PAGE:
But then, on July 6th, just before Guccifer 2.0 complained that WikiLeaks was “playing for time,” this pattern of behavior abruptly reversed itself. “I have a new bunch of docs from the DNC server for you,” the persona wrote on WordPress. The files were utterly lacking in news value, and had no connection to one another—except that every item was an attachment in the D.N.C. e-mails that WikiLeaks had. The shift had the appearance of a threat. If Russian intelligence officers were inclined to indicate impatience, this was a way to do it.
On July 18th, the day Assange originally planned to publish, Guccifer 2.0 released another batch of so-called D.N.C. documents, this time to Joe Uchill, of The Hill. Four days later, after WikiLeaks began to release its D.N.C. archive, Uchill reached out to Guccifer 2.0 for comment. The reply was “At last!”
Whatever one thinks of Assange’s election disclosures, accepting his contention that they shared no ties with the two Russian fronts requires willful blindness. Guccifer 2.0’s handlers predicted the WikiLeaks D.N.C. release. They demonstrated inside knowledge that Assange was struggling to get it out on time. And they proved, incontrovertibly, that they had privileged access to D.N.C. documents that appeared nowhere else publicly, other than in WikiLeaks publications. The twenty thousand or so D.N.C. e-mails that WikiLeaks published were extracted from ten compromised e-mail accounts, and all but one of the people who used those accounts worked in just two departments: finance and strategic communications. (The single exception belonged to a researcher who worked extensively with communications.) All the D.N.C. documents that Guccifer 2.0 released appeared to come from those same two departments.
The Podesta e-mails only make the connections between WikiLeaks and Russia appear stronger. Nearly half of the first forty documents that Guccifer 2.0 published can be found as attachments among the Podesta e-mails that WikiLeaks later published. Moreover, all of the hacked election e-mails on DCLeaks appeared to come from Clinton staffers who used Gmail, and of course Podesta was a Clinton staffer who used Gmail. The phishing attacks that targeted all of the staffers in the spring, and that targeted Podesta, are forensically linked; they originated from a single identifiable cybermechanism, like form letters from the same typewriter. SecureWorks, a cybersecurity firm with no ties to the Democratic Party, made this assessment, and it is uncontested.
Now, I’d like to see the analysis behind this publicly. It should be expanded to include all the documents leaked by Guccifer 2.0. It should include more careful analysis of the forensics behind the phishes (security companies have done this, but have not shown all their work). Moreover, it doesn’t rule out a piggyback hack, though given that Guccifer 2.0 was leaking Hillary emails from the start, it’s unclear how that piggyback would work. All that said, it provides a circumstantial case that these were the same two sets of documents.
Khatchadourian doesn’t dwell on something he alluded to here, which is that all the DNC documents were email focused, collected from just 10 mailboxes. That’s the nugget that, I suspect, Assange will point to (and may have shared with Dana Rohrabacher) in an effort to rebut the claims his source was Russia (one thing Khatchadourian gets wrong is what Craig Murray said about two different sources for WikiLeaks, but then he points to a WikiLeaks claim they got the emails in late summer and September 19 date on all of them — not long before Murray picked something up in DC — so that’s another area worth greater focus). For now, I’ll bracket that, but while I suspect it points to really interesting conclusions, I don’t think it necessarily undermines the claim that Russia was Assange’s source. More importantly, none of the things people are pointing to in this new analysis — the metadata in files released by Guccifer 2.0, the metadata in files released on a magnet site but never directly by Guccifer 2.0 — affects the analysis of how completely unrelated emails got to WikiLeaks at all.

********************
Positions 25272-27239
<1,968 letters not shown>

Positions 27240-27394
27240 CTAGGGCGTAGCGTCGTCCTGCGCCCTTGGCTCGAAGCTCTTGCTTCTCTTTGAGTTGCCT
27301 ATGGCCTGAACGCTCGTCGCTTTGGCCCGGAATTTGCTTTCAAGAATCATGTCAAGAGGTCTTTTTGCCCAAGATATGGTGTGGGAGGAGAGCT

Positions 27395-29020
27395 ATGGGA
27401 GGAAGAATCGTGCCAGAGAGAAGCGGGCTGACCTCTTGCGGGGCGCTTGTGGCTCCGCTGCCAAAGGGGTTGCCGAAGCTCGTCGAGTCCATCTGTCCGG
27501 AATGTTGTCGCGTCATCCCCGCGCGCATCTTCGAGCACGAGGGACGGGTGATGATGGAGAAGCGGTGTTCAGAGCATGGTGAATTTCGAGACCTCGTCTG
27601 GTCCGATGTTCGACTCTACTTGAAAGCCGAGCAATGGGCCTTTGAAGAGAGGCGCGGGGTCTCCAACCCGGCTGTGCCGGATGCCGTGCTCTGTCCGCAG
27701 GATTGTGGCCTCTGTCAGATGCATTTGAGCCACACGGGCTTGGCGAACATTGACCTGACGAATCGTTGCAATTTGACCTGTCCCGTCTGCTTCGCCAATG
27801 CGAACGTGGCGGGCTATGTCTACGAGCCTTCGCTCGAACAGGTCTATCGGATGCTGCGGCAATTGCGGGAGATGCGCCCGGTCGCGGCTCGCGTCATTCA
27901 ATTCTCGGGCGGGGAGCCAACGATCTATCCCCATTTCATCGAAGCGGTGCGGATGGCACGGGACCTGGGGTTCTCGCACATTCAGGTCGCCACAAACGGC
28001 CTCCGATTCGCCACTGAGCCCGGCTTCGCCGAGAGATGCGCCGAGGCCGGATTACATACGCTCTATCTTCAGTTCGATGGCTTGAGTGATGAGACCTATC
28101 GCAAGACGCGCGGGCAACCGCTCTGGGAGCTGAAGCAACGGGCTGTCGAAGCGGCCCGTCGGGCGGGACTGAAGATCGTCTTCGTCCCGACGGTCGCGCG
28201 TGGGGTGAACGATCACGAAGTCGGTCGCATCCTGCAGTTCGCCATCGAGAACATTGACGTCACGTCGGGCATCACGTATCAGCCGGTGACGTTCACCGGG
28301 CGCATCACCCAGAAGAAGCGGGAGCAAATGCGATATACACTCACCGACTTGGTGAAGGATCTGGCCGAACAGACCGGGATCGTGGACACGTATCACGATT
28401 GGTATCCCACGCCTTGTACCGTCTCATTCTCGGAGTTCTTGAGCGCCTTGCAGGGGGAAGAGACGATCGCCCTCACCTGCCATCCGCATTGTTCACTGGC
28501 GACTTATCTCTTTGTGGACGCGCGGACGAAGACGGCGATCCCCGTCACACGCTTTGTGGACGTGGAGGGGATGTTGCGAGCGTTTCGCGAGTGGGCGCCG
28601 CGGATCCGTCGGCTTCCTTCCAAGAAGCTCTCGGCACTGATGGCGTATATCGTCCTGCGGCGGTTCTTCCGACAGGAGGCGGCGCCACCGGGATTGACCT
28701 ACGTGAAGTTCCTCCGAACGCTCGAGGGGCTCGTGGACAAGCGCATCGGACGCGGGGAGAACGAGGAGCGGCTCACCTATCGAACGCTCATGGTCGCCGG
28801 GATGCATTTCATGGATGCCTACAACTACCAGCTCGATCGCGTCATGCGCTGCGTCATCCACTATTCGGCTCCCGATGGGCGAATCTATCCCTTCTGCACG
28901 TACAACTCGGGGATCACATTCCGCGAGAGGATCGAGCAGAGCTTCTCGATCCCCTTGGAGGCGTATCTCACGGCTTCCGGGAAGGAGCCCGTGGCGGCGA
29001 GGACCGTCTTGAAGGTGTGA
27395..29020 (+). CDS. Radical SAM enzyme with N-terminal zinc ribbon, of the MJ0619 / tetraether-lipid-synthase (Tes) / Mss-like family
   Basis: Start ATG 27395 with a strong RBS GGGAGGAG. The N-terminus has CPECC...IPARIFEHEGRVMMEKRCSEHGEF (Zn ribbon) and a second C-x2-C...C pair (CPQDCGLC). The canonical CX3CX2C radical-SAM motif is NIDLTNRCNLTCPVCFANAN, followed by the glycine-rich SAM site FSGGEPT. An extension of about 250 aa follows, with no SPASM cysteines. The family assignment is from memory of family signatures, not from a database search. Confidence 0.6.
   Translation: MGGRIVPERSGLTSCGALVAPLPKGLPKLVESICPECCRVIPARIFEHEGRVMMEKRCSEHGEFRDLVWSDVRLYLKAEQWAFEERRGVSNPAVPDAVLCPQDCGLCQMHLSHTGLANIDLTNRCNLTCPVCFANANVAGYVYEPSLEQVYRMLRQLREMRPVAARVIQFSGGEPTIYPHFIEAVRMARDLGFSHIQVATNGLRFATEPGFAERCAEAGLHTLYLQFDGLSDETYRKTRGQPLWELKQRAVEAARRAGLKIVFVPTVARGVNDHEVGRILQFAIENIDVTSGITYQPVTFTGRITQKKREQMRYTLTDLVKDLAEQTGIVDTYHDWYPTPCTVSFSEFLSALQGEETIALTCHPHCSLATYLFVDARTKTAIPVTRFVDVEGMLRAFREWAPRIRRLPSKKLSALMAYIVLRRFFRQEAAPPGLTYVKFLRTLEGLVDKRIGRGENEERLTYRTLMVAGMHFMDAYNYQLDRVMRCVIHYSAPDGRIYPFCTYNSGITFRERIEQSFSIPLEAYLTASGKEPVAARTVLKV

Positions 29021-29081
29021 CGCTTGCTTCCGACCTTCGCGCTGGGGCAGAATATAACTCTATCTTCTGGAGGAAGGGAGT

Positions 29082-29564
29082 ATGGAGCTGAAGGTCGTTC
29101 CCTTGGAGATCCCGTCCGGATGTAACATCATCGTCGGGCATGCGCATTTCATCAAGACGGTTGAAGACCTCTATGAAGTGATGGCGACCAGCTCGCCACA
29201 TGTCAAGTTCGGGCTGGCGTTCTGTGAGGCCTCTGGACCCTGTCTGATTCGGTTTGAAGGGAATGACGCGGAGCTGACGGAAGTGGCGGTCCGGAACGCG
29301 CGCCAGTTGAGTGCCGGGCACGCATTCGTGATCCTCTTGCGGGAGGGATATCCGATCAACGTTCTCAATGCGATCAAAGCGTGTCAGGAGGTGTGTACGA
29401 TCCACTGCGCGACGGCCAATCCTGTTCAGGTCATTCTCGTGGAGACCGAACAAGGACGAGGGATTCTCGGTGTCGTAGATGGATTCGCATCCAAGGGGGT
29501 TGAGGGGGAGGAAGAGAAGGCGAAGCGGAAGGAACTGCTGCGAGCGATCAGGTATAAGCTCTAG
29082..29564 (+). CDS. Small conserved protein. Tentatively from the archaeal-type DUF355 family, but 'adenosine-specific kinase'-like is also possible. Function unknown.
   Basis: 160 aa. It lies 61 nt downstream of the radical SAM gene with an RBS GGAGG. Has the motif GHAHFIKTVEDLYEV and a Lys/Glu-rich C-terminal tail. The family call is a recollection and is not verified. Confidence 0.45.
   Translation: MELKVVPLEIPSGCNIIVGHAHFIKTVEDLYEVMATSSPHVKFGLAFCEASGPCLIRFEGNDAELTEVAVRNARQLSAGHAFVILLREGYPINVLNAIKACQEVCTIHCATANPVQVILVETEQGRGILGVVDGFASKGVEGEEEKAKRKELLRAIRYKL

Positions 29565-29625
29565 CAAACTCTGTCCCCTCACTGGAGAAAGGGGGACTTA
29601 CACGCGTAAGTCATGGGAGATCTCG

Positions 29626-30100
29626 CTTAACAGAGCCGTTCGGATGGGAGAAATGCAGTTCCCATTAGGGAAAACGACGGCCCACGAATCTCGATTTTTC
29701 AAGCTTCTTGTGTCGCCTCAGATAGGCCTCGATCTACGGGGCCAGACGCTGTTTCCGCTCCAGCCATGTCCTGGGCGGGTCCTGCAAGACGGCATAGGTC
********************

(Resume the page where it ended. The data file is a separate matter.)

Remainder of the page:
All of which is to say that the these two pieces of analysis actually miss the far more interesting analysis that got done with it.
Update: Turns out the Nation issued a correction today, which reads in part,
Subsequently, Nation editors themselves raised questions about the editorial process that preceded the publication of the article. The article was indeed fact-checked to ensure that Patrick Lawrence, a regular Nation contributor, accurately reported the VIPS analysis and conclusions, which he did. As part of the editing process, however, we should have made certain that several of the article’s conclusions were presented as possibilities, not as certainties. And given the technical complexity of the material, we would have benefited from bringing on an independent expert to conduct a rigorous review of the VIPS technical claims.
It added an outside analysis by Nathanial Freitas of the two reports, a rebuttal from VIPS members who did not join the letter, and a response from those who did. Freitas provides a number of other possibilities to get the throughput observed by Forensicator. The VIPS dissenters raise some of the same points I do, including that this server may be somewhere outside of DNC.
It is important to note that it’s equally plausible that the cited July 5, 2016, event was carried out on a server separate from the DNC or elsewhere, and with data previously copied, transferred, or even exfiltrated from the DNC.
However, independent of transfer/copy speeds, if the data was not on the DNC server on July 5, 2016, then none of this VIPS analysis matters (including the categorically stated fact that the local copy was acquired by an insider) and simply undermines the credibility of any and all analysis in the VIPS memo when joined with this flawed predicate.